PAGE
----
If you do decide to explore the whole thing in one go, you still won’t be able to catch strong Pokemon unless you have the right Gym Badge. You can encounter them and have them wipe your team off the face of Galar, but all those evolved, rare, and strong ‘mon are tantalizingly out of reach until the right moment.

This encouraged me to keep coming back to the Wild Area every time I got a new badge to see what new Pokemon I could find. This pattern meant the Wild Area ended up opening for me in tandem with the rest of the game, because admittedly, being set on by a super-strong Rhydon sort of dampened my enthusiasm for too much free exploration early on.

It’s no Xenoblade Chronicles 2, where insanely powerful creatures track you down and make life hell, but some of them are more aggressive than others and keep you on your toes.


It also offers you a variety of Pokemon types early on you’d usually have to wait for. Struggling against Milo’s monstrous Eldegoss? Grab a Vanillite from the Rolling Fields or a strong Bug type. Or just for the fun of it, snag a Tyrogue and end up with a Hitmonchan before you even get to the second Gym.

That’s not taking into consideration the numerous Dens you can explore to take on Dynamxed Pokemon and — sometimes  Gigantamax Pokemon.

Apart from netting you some really good rewards should you walk away victorious, you’ll sometimes get a shot at rarer Pokemon like Sizzlipede, plus higher star Raids feature Pokemon that might have one or more perfect EVs.

Overall, the Wild Area is a fantastic complement to the main adventure and lets you handle it however you want. It lets you build a widely diverse team from an early stage  or, you know, you can just make curry, if you want. You do you.

There might not be as many Pokemon to choose from as before, but the struggle to choose just six for your team is real in Sword and Shield. On top of the older Pokemon making a return appearance, all the new Galar Pokemon are fantastic, and that’s not really an exaggeration. There’s usually a dud ‘mon or 20 in the mix, but even the goofy looking ones just have this exuberant, fun charm to them.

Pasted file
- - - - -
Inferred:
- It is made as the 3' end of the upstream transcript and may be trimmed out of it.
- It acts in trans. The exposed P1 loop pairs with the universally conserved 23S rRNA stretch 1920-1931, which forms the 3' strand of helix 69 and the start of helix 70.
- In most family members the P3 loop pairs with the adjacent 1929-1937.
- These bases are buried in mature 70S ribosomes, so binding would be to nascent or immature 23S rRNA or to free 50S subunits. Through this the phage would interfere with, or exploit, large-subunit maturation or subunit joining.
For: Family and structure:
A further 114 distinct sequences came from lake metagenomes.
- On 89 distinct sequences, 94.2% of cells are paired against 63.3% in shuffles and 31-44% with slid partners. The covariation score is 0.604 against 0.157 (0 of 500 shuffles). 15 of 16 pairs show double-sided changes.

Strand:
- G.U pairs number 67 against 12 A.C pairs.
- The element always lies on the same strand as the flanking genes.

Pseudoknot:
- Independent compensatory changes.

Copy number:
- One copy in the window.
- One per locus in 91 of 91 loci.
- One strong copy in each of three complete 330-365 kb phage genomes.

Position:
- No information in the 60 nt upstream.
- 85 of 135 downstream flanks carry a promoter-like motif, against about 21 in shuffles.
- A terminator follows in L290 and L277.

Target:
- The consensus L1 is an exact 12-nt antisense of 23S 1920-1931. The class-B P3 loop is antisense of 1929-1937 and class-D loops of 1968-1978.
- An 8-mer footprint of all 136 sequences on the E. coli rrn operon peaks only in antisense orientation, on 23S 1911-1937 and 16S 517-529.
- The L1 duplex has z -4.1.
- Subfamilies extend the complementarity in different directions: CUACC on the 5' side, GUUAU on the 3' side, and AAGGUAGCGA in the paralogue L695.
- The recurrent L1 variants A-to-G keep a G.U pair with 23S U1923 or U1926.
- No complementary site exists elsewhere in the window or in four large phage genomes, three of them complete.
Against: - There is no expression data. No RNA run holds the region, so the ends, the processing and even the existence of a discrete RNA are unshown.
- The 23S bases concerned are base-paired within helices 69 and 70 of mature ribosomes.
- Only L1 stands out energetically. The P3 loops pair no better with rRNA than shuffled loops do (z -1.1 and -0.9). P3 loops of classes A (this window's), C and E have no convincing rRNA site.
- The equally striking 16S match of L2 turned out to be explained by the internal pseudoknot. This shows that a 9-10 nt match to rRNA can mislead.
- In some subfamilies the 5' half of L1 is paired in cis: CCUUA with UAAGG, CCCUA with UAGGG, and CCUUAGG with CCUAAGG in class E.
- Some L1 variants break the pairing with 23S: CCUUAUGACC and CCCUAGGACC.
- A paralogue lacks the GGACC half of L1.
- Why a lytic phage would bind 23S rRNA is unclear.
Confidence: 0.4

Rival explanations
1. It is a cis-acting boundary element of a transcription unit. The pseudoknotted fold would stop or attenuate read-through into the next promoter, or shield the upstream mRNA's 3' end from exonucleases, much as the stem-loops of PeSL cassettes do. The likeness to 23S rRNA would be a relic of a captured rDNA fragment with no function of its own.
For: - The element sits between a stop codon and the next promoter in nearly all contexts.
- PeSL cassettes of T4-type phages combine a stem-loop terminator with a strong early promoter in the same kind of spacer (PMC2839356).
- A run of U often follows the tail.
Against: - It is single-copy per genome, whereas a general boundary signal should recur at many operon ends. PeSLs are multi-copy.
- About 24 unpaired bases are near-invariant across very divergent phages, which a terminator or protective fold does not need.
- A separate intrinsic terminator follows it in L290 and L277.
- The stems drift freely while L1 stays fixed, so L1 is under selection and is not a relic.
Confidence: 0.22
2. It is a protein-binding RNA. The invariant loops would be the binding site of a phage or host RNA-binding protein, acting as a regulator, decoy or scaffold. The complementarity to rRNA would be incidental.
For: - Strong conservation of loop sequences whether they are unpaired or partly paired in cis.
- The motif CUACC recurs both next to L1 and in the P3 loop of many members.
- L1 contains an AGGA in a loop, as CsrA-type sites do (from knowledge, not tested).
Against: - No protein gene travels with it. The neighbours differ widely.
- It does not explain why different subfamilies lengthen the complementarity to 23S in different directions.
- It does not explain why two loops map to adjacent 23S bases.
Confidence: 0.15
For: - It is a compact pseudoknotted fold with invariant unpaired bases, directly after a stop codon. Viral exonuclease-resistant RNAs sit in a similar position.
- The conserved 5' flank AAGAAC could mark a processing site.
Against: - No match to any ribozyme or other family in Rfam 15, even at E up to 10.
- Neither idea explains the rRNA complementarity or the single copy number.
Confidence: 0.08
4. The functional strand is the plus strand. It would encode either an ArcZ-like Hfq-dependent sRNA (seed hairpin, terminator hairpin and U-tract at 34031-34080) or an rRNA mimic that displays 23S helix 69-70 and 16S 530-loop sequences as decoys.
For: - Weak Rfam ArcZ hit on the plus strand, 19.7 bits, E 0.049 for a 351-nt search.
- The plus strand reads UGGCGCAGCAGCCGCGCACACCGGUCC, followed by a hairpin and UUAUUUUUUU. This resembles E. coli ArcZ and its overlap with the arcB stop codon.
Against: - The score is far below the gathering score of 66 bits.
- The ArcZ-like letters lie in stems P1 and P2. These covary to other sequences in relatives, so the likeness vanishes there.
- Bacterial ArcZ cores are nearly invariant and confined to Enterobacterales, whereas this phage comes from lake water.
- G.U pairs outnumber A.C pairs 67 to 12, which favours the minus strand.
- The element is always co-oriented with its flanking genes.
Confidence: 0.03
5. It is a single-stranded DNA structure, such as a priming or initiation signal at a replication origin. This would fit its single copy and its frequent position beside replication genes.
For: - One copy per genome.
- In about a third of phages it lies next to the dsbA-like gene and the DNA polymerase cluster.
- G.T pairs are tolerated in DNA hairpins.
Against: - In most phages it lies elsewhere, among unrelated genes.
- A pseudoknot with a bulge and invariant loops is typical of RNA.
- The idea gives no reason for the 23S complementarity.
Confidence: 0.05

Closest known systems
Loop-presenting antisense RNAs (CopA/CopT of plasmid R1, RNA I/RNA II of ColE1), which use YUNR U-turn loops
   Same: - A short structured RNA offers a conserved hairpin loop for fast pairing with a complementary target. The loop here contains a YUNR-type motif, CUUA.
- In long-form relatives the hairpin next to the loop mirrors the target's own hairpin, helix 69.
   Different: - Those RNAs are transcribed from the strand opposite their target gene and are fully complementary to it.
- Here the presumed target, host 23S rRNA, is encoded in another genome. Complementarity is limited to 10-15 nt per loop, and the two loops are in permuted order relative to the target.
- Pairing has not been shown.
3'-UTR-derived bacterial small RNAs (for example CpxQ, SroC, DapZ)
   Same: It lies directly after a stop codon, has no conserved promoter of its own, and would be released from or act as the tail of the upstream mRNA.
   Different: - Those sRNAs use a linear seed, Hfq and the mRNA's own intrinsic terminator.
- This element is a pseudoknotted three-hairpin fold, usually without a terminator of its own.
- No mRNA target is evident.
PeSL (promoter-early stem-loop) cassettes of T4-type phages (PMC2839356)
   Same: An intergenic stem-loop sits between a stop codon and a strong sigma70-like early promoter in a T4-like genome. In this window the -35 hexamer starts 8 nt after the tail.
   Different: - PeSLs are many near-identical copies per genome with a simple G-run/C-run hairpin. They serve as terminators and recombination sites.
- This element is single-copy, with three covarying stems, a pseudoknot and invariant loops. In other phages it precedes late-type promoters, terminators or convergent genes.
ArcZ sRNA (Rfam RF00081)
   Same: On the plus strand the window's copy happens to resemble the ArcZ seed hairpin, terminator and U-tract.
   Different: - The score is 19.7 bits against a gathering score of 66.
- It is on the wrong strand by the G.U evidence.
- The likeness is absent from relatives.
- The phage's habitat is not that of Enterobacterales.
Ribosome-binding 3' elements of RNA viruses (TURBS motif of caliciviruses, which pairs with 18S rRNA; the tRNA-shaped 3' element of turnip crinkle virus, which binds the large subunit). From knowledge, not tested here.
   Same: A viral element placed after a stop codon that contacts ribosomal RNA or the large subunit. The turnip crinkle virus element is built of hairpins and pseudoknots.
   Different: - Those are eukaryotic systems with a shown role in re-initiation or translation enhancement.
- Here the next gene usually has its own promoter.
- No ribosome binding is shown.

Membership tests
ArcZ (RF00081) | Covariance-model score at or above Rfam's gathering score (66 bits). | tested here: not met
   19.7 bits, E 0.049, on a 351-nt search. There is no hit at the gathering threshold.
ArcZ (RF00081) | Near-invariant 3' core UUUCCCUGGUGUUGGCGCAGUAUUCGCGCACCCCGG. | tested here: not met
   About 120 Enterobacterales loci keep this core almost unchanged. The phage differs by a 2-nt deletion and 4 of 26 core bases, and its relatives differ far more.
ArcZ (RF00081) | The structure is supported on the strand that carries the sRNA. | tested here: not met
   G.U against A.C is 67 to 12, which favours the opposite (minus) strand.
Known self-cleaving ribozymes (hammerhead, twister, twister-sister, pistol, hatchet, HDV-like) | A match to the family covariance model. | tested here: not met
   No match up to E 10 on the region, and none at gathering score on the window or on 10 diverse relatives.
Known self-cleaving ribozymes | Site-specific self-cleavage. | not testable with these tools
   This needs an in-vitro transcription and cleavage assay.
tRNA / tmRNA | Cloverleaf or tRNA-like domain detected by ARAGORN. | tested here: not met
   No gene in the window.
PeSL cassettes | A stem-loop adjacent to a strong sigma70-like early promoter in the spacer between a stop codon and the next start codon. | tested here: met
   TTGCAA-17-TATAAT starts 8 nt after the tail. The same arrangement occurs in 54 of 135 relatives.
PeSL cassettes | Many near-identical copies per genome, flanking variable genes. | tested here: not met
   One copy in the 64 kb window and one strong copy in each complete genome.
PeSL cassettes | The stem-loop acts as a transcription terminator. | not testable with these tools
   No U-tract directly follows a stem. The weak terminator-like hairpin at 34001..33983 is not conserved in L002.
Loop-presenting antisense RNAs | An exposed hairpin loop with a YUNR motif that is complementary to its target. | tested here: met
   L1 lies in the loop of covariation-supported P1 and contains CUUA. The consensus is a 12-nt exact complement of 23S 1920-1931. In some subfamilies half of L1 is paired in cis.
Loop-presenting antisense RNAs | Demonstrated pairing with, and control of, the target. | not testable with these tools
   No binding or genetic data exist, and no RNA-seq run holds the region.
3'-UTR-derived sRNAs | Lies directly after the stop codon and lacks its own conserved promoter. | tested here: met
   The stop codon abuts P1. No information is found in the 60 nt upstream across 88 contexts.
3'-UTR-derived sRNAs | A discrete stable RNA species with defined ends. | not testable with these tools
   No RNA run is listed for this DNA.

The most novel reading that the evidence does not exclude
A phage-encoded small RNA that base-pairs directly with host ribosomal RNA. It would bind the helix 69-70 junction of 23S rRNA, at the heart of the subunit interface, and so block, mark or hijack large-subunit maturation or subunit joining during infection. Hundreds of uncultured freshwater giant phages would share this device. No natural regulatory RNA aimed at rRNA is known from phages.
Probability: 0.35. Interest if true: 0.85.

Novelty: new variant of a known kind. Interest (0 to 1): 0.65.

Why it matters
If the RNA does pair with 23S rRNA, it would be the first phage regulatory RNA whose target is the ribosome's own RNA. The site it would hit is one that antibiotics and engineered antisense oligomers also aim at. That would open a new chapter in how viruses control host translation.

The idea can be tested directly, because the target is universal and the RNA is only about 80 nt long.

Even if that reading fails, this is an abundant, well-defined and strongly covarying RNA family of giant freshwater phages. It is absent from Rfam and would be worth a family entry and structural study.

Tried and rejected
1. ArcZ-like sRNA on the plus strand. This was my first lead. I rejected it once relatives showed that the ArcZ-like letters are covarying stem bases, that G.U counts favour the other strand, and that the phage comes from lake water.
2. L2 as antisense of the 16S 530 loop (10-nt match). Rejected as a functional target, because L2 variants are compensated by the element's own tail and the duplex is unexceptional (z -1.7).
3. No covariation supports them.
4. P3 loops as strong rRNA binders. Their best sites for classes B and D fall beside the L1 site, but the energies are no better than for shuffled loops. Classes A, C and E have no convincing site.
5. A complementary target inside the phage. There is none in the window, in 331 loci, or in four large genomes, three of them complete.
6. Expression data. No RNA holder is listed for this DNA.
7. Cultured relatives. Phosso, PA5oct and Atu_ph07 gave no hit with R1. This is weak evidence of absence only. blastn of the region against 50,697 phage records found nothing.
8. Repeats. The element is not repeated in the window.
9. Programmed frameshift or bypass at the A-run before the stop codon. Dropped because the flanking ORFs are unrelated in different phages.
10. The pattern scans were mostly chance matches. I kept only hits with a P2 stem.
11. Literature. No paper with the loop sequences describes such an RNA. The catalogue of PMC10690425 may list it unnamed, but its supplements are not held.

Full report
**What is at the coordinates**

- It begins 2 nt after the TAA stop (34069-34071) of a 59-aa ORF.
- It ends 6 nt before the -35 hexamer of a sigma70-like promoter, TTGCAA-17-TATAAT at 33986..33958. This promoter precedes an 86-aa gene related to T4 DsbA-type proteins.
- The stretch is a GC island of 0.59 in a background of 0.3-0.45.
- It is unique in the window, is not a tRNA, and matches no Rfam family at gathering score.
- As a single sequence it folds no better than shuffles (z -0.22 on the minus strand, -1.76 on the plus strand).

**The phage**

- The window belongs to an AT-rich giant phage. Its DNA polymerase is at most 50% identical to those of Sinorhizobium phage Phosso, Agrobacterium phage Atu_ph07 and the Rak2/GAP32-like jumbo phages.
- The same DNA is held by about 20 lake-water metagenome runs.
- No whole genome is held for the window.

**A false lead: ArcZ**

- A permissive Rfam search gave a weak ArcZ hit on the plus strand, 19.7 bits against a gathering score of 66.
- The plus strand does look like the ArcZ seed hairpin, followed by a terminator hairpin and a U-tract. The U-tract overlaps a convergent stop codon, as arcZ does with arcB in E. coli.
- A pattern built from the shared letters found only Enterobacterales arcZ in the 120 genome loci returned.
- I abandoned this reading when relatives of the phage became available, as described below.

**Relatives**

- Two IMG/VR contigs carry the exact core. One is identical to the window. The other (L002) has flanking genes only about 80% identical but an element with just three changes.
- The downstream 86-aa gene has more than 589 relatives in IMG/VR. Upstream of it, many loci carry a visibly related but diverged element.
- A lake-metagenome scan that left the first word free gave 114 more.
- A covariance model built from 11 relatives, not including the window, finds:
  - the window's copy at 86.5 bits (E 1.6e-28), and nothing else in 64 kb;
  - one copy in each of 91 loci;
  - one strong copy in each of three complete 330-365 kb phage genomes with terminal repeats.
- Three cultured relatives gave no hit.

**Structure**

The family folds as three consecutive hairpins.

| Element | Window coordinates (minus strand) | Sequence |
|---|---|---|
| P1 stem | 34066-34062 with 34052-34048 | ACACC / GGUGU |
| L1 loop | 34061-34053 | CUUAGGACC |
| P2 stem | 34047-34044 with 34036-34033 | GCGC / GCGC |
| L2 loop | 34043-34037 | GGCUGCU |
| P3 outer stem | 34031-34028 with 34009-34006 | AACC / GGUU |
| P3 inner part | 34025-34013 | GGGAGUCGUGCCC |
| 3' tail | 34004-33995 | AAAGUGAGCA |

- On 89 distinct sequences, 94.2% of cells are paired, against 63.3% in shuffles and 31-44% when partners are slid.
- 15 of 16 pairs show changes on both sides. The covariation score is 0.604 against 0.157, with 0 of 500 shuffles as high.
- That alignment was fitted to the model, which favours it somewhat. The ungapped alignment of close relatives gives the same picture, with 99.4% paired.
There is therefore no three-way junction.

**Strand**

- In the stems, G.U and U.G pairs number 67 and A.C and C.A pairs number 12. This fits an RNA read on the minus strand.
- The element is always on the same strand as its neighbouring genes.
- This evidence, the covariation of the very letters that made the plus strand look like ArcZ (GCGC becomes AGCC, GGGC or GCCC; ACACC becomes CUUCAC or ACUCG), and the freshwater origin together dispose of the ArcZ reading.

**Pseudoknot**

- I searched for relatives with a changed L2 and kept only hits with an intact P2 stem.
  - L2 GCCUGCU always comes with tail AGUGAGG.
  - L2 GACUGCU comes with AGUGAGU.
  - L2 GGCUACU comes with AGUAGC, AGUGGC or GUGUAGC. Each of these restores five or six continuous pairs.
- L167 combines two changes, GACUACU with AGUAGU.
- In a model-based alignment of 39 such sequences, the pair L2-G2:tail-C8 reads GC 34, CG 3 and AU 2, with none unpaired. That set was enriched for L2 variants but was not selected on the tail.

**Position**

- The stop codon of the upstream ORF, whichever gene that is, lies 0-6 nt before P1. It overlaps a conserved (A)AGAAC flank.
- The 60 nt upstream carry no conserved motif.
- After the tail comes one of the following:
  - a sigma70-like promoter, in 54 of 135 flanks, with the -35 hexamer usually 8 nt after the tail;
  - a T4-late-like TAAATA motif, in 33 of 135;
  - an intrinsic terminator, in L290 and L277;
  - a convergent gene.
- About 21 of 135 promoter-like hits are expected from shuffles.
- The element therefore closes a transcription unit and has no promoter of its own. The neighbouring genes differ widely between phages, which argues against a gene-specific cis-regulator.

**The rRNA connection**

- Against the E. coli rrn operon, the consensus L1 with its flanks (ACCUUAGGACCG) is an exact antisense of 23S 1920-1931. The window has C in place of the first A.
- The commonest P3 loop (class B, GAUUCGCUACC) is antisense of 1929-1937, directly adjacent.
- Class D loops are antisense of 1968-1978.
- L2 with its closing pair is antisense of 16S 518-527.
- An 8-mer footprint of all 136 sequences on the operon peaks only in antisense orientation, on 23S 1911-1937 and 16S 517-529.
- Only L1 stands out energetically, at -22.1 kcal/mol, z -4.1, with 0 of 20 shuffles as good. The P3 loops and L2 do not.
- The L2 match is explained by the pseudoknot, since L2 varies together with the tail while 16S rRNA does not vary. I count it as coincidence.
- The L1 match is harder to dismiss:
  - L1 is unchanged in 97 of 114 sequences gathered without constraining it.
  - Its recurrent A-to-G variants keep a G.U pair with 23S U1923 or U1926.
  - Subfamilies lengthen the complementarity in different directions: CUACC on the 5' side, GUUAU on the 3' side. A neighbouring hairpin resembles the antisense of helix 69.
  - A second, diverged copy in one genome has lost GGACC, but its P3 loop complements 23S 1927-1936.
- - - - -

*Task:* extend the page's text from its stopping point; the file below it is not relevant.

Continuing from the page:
Take Alcremie as an example. It’s sculpted cream with stuff on its head, which is, on the surface, close to smiling ice cream cone levels of “erhm?” But to get it, you have to spin around with a Milcery, so you’re making… literal whipped cream.

Sinistea is a teapot ghost that comes in forged and rare authentic varieties. Viking Meowth is horrifying, but — no, it’s actually just horrifying. Integrated superbly with the setting, but horrifying.

Uh…back where it came from?

Regardless, it’s the most alive, creative, and just plain fun Pokemon has felt in ages.

If you can’t whittle the choice down to just six Pokemon, the new permanent Experience Share mechanic will be your best friend. At first, I admit to being skeptical. The last thing I wanted was an easier Pokemon game, but it turned out to be a pretty clever move.

Rather than seeing all your ‘mon levels soar skyhigh, it seems pretty balanced on the whole; it takes more experience points to level up (or at least, that’s how it seemed to me), and you tend to stay right where you need to be for where you’re at, unless you go out of the way to grind for levels.

In fact, the difficulty is balanced fairly well throughout. Type advantages are as important as ever, and there were times I found myself struggling more against a wild Pokemon or a regular Trainer when I didn’t have a type advantage than I did in Gym battles.

Dynamaxing adds a lot to here as well. Only HP is affected, so it doesn’t completely nuke your opponents like Z-Moves, since they can usually Dynamax or Gigantamax as well. But it does turn what would otherwise be a normal Gym or story battle into a mini-event of its own, complete with altered soundtrack.

Nah, that’s not Dynamax. That’s just Greedent the car-sized squirrel.

The good thing about type advantage’s role is that permanent EXP Share makes it easier than ever to swap out a different Pokemon if you want to give it a try or need to raise a different type.